Fain is just one among many cases in which cities and counties have attempted to capitalize on the difficulty dependents face when they are required to prove a deceased officer was exposed to a known carcinogen. For example, in the recent case City of Compton v. WCAB, the City argued that an officer’s widow could not credibly testify about the officer’s exposure to carcinogens. Documentation of the exposures would have blocked the City’s argument.
The cancer presumption is under attack by counties and cities. Employers are looking at every angle to deny an officer or dependent the cancer presumption. However, the primary attack by cities and counties in disputing the cancer presumption is challenging the public safety officer’s exposures to known carcinogens. It is therefore critical to record all exposures to carcinogens.
Cities and counties have now subverted the purpose of the cancer presumption to force an injured public safety officer to endure lengthy litigation on the issue of exposure to a known carcinogen. Officers can block the current attack by carefully recording their exposures.
About the Author
Andrew B. Scott is an attorney at the law firm of Adams, Ferrone & Ferrone. The law firm has offices in Westlake Village, Newport Beach and San Diego. If you have further inquiries, please email them to firstname.lastname@example.org.
Bolster Your Case by Documenting Your Field Exposures
PORAC Hazardous Exposure Listing Program (HELP)
The Hazardous Exposure Listing Program (HELP) allows you to document all exposures that may potentially cause you physical problems years into the future. Every police officer has been exposed to many different substances and infectious diseases that may not manifest medical symptoms for many years.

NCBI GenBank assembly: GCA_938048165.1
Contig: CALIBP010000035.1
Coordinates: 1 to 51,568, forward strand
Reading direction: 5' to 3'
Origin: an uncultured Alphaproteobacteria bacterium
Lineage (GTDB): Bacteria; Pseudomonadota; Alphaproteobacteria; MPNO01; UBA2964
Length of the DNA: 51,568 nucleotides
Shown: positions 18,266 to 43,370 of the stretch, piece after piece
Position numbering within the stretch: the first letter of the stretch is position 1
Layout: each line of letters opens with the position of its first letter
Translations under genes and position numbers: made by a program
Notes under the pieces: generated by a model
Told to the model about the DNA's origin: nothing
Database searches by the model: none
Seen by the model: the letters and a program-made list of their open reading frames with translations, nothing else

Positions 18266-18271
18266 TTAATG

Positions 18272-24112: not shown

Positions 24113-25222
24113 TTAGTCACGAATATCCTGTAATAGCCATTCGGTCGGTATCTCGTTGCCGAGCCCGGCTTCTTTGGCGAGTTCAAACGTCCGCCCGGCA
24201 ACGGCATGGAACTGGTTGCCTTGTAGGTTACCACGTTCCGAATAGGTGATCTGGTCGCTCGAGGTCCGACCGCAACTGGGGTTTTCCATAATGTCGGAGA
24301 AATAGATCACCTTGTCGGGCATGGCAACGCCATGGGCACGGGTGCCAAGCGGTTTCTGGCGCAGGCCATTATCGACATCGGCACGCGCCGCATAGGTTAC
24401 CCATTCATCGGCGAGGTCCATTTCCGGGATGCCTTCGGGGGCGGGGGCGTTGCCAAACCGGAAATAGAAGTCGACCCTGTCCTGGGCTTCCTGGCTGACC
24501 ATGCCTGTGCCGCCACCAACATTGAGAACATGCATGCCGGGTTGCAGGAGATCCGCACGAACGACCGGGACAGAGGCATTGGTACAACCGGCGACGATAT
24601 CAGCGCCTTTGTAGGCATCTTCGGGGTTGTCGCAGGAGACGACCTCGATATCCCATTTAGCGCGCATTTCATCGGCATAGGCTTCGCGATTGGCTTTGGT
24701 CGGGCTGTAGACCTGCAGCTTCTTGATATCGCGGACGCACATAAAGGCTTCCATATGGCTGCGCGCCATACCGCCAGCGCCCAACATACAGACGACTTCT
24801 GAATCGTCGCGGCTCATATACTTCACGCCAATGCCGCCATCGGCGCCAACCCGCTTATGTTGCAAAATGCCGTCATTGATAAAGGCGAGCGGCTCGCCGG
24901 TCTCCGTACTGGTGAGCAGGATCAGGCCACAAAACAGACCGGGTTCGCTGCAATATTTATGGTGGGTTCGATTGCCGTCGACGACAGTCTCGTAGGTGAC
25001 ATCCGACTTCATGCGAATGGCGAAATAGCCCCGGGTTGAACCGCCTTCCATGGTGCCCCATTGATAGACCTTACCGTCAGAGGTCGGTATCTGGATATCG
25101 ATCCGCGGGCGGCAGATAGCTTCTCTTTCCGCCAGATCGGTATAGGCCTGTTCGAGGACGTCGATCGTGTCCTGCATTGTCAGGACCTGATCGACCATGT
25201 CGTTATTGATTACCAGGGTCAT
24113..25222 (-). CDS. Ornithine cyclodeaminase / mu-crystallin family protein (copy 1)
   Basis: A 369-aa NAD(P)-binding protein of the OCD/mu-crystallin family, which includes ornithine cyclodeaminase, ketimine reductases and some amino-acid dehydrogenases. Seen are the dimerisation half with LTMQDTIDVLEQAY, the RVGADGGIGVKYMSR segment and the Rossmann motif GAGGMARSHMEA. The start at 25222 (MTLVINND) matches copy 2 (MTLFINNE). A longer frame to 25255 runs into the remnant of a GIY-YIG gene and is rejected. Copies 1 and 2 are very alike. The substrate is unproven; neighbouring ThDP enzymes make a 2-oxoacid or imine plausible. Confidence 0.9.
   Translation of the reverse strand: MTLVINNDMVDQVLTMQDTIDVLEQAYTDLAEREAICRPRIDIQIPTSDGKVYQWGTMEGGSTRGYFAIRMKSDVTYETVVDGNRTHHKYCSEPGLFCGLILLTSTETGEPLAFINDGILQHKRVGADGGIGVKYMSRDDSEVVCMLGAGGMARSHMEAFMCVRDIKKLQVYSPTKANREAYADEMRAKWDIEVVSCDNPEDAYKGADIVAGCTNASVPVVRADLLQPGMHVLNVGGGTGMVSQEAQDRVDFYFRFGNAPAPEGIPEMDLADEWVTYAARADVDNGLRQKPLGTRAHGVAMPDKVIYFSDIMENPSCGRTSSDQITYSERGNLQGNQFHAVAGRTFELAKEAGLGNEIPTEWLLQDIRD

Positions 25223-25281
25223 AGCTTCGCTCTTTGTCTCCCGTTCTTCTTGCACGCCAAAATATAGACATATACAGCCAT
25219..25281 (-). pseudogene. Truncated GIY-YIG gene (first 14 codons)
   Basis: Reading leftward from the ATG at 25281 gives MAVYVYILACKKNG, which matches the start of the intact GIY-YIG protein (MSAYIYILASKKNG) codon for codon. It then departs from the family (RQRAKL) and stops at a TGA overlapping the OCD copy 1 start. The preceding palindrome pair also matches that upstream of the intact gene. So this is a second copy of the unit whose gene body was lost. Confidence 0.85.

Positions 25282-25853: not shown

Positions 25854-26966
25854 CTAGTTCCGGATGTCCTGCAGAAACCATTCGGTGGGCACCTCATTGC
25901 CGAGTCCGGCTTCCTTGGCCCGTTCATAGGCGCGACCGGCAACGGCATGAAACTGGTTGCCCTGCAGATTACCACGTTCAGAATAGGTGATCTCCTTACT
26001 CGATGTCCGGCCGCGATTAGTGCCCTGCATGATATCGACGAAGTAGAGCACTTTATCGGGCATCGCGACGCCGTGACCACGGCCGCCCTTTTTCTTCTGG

As the accompanying cancer presumption article explains, when these injuries or illnesses are finally diagnosed, it is critical that you have the relevant information to show some nexus between the original exposure and the injury.
PORAC’s confidential, free program helps you establish this important link when seeking care and treatment from your employer for job-related injury or illness.
You should fill out an exposure report form anytime you:
- Inhale any amount of smoke from any type of fire
- Are exposed to a communicable disease
- Have direct skin contact with a patient’s blood or other body fluids
- Are exposed to hazardous materials
- Experience any medical symptoms such as nausea, cough, skin irritation, etc., during and/or after an incident
- Incur a needle stick
- Are exposed to anything you physically feel
How to Join
Joining is as easy as logging onto the PORAC website and accessing the special HELP program area. Fill out the brief registration form and select a password of your choosing that will allow future access to the program. That is all that you need to do to get started.
When an incident occurs, log on and fill in the blank spaces with as much information as you have. PORAC will retain that information for you to access at any future time. If you ever find yourself in need of the information, just download it and you are all set. If you don’t have computer access, we can still assist you: Just contact us at PORAC Headquarters.
How to Make a Report
When you log on, just scroll down and fill in the information related to the incident, both inside and outside the department; log the crime report or report of the incident; track, if any, supervisors or medical personnel who were involved in the incident; and record any chemical or biotoxins present, with the length of exposure. This is just a sample of the information we can store for you.
Get Started Now
To access HELP, visit porac.org, click on Members, then scroll down the page until you see the HELP box on the lower right. Or you can access the page directly at porac.org/resources/hazardous-exposure-listing-program/.